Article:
Zonal geraniums are longtime favorites in the garden. Their easy care, long bloom period, and low water needs makes them extremely versatile in borders, window boxes, hanging baskets, containers, or as bedding plants. Most gardeners are very familiar with the wide range of bloom colors for zonal geraniums. However, brocade geranium plants can add even more exquisite color to the garden with just their foliage. Continue reading for more brocade geranium info.
Brocade Geranium Info
Brocade geranium plants (Pelargonium x hortorum) are zonal geraniums that are more commonly grown as accent plants for their colorful foliage rather than their brightly colored, classic geranium blooms. Like all geraniums, their flowers attract butterflies and hummingbirds, while the plant’s natural scent deters deer.
The truly outstanding characteristic of brocade geranium plants is the unique variegation of their foliage. Below are several of the highly sought-after varieties of brocade geranium and their unique color combinations:
- Indian Dunes – Chartreuse and copper variegated foliage with red blooms
- Catalina – Green and white variegated foliage with hot pink blooms
- Black Velvet Appleblossom – Black to dark purple foliage with light green margins and peach colored blooms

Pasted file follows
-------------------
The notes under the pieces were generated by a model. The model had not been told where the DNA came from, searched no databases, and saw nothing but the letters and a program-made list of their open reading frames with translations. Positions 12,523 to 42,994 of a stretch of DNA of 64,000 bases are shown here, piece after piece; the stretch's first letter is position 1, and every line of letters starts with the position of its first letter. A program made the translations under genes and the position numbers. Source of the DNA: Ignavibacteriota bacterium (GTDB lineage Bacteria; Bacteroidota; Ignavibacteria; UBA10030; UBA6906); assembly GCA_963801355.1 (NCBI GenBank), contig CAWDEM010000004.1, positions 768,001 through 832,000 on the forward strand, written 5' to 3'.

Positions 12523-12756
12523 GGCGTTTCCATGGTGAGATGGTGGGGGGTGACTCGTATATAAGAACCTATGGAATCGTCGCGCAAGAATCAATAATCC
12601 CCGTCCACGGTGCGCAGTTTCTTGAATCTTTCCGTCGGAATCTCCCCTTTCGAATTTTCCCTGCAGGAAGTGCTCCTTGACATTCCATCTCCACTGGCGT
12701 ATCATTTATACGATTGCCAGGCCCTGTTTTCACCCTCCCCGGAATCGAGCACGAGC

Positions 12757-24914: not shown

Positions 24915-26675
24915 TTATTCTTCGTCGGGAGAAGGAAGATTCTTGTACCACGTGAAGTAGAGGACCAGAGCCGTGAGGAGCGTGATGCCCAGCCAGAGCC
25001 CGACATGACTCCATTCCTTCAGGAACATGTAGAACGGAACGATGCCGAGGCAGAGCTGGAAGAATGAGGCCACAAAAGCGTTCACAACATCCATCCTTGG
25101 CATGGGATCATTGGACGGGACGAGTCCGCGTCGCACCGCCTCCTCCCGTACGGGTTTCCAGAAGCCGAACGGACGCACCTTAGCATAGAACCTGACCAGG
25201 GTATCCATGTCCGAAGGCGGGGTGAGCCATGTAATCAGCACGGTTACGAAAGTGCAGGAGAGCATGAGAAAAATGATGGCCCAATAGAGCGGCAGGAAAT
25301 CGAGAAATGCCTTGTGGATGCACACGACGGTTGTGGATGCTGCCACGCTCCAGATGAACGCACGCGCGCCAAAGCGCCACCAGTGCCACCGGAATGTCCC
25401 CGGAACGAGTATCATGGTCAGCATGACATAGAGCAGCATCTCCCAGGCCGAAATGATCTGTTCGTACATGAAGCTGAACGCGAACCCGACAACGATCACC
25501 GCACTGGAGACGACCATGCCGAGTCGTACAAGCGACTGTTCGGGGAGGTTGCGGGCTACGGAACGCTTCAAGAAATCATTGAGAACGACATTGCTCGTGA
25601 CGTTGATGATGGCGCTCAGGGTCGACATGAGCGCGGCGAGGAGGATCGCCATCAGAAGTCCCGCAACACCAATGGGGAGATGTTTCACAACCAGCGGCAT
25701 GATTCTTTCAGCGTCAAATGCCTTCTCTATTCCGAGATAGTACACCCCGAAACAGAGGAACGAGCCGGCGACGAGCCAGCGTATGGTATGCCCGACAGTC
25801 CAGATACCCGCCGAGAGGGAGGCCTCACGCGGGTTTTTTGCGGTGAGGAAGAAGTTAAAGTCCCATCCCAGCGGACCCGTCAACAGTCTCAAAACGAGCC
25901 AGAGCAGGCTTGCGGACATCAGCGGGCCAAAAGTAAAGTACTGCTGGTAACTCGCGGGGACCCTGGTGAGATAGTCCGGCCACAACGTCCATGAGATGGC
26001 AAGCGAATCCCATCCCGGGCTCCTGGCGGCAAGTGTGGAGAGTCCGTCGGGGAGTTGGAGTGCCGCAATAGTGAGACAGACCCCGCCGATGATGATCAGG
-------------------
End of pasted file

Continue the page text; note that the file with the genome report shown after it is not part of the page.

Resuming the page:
- Black Velvet Red – Black to dark purple foliage with light green margins and red orange blooms
- Crystal Palace – Chartreuse and green variegated foliage with red blooms
- Mrs. Pollock Tricolor – Red, gold, and green variegated foliage with red blooms
- Red Happy Thoughts – Green and cream-colored variegated foliage with reddish pink foliage
- Vancouver Centennial – Star shaped purple and green variegated foliage with pinkish red blooms
- Wilhelm Langguth – Light green foliage with dark green margins and red blooms
How to Grow Brocade Leaf Geraniums
Brocade geranium care is no different than the care of other zonal geraniums. They grow best in full sun to part shade, but too much shade can make them leggy.
Brocade geranium plants prefer rich, well-draining soil. Improper drainage or too much moisture can cause root and stem rots. When planted in the ground, geraniums have low watering needs; however, in containers they will need regular watering.
Brocade geranium plants should be fertilized in spring with a slow-release fertilizer. They should be deadheaded as flowers fade to increase blooms. Many gardeners cut zonal geranium plants back halfway in midsummer to shape and create fullness.
Brocade geranium plants are hardy in zones 10 and 11, but they can be overwintered indoors.